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Indego / IndeGo Forum / Russia - Riches or Ruin?

Russia - Riches or Ruin?

 

Monday, 01 September 2008 17:15

The Moscow Auto Show last week was held against a backdrop of continuing high growth in the car market.The first half of 2008 saw an almost 20% increase in car production in Russia, and the first 7 months of the year saw a 46% increase in sales of foreign brands.  However, in parallel, politicians are talking about the return of the Cold War and there is sabre-rattling on both sdies.  So is Russia one of the few places for the auto industry to make money in today's environment, or is it a fool's paradise where huge investments will need to be written off in the coming months or years?


The Russian goverment has encouraged inward investment by foreign manufacturers through "Decree 166" which provides tax breaks as long as local content is progressively increased in vehicles assembled in Russia.  This has seen plants opened and joint ventures formed in recent years by Ford, GM and Renault, with other plants under construction by Hyundai, PSA (in collaboration with Mitsubishi) and Volkswagen.  Manufacturers are looking to Russia for the growth to compensate for flat or declining markets elsewhere.  Meeting the requirements of Decree 166 is however not easy.  Local supplier quality generally falls well short of any other location I have come across globally, despite which prices are uncompetitive and subject to high inflation.  Henrik Nenzen, who until last year was the President of Ford Russia, in an interview with Automotive News Europe described localization as "a very big task", 6 years after production started at their plant in St. Petersburg.  In an interview last week, Petr Krusov, head of the Russian Carmakers Association told Reuters that "the technological base of our industry has not been renewed since the 1980s.  That's why we are so far behind.  It will take a change of generations for this to change.  That can start in three years, and it will take as long as 10 years to complete."

When executives talk in terms of 10 year timeframes, the reality is probably 15-20 years.  It is clear that Russia is not therefore going to provide quick or guaranteed returns, and that the investment in respect of supplier development and skills transfer will be substantial, over and above the major financial investment in new plants and product over 2-3 product cycles.  Volkswagen formed its original partnership with SAIC in China in 1984, but it was only in 2005 that the export of Chinese-built cars became feasible, when Honda launched their dedicated factory in Guangzhou.  In Russian political terms, this means that we need to look beyond the second term of President Medvedev, and a possible further two terms of a re-elected Vladimir Putin, for when a Russian investment made now might mature.  It is impossible to assess the political risks over that timescale associated with a country going through the type of change which is required in Russia in almost every area of political, economic and social endeavour.  However, I think everyone would recognise that those risks are significant.  The Lex column in the Financial Times last week carried a good commentary entitled "Russia's risk premium".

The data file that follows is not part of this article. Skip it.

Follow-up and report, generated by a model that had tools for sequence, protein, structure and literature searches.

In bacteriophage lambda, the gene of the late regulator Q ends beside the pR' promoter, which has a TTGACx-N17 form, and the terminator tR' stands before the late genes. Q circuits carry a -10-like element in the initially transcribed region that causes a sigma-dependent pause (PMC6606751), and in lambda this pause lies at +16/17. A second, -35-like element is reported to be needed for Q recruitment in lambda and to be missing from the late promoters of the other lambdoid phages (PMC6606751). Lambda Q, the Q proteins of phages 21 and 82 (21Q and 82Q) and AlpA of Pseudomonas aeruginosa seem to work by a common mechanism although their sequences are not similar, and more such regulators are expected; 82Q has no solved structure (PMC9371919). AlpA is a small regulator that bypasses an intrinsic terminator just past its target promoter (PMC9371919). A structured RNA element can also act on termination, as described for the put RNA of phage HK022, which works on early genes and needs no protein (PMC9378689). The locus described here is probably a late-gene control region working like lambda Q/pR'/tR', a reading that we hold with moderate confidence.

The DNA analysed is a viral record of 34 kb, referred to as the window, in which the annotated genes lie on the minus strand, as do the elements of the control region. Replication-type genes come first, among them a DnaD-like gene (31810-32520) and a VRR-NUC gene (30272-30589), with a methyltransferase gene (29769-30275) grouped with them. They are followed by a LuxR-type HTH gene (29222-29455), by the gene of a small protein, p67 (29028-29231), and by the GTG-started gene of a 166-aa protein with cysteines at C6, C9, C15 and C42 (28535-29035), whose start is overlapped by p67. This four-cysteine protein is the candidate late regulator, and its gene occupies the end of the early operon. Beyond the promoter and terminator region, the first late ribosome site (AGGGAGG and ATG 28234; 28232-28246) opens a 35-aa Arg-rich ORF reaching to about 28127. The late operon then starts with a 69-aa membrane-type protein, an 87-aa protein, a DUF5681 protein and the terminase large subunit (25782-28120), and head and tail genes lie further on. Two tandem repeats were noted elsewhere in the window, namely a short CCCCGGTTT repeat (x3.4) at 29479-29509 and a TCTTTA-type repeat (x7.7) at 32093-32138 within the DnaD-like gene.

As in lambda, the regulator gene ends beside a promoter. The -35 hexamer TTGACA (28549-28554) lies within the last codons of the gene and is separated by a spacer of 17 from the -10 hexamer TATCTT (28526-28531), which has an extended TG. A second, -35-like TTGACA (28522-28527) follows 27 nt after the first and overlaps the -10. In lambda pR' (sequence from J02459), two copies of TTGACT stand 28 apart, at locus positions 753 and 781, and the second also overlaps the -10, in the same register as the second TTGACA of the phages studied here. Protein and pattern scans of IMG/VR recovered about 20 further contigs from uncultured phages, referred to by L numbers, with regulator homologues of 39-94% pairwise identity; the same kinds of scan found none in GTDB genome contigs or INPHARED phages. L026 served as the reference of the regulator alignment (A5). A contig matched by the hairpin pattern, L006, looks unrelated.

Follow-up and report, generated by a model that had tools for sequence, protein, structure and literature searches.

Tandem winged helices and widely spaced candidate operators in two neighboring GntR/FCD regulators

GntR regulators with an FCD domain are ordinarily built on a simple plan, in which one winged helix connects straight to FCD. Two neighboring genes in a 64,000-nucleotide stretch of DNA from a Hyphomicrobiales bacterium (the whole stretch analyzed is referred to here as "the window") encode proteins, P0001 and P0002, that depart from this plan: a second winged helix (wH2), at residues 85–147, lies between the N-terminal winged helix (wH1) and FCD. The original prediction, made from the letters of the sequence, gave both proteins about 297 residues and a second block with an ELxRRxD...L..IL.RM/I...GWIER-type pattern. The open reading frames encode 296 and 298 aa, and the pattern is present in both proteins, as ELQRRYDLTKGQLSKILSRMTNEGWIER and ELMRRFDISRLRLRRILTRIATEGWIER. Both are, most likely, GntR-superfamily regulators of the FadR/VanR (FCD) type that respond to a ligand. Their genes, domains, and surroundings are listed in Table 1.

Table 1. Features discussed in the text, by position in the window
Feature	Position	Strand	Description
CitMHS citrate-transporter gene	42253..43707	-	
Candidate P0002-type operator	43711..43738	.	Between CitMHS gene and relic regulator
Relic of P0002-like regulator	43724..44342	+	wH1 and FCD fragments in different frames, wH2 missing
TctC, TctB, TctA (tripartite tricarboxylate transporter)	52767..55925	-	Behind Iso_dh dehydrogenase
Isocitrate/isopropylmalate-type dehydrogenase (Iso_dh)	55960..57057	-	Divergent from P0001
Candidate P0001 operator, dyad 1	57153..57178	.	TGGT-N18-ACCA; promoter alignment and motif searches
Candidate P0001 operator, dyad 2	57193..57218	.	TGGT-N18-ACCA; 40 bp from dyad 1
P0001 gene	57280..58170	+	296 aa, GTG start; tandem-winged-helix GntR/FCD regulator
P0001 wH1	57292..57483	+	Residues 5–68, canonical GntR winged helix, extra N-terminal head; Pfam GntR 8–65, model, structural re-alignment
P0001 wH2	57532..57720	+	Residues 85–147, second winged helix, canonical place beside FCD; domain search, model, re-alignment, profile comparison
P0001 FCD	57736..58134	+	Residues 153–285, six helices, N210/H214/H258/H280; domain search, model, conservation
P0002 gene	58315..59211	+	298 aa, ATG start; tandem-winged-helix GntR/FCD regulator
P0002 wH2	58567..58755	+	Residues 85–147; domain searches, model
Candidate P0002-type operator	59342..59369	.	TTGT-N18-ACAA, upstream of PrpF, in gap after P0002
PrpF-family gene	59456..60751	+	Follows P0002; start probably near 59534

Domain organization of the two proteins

My own experience as CEO of LDV under the ownership of GAZ gave me some insights into the Russian auto industry and also the way in which the political and industrial evolution of the country are intertwined.  Russia is a proud country with huge national resources and a long history as a major power.  It will not allow itself to be industrually colonised by inward investors who sieze on the unique growth opportunities present today as their only salvation in a troubled global economy, and nor should it.  Decree 166 was smart in that it provides enticingly low barriers to entry to a manufacturer and leaves them to do the hard work on supplier development which in the end will be the platform on which domestic players can be reborn.  But there will not be a "laissez-faire" approach on the part of government.  Russian government is by it's nature interventionist, but so to a lesser extent are those in France, Germany and Italy.  Behind the scenes, the Russian leadership encourages the oligarchs to pursue paths that are aligned with state objectives, and there is a track record of state intervention, including returning assets to direct or indirect state ownership, when deemed necessary.  From a Russian perspective, this may make great sense, but for a shareholder in a company which is making major inward investments in Russia, it should set off alarm bells.

Vehicle manufacturers and their suppliers should aim to participate in Russian growth, but they should be doing so with a 15-20 year view, and a very different business case model to that which they use in more mature and stable economies.

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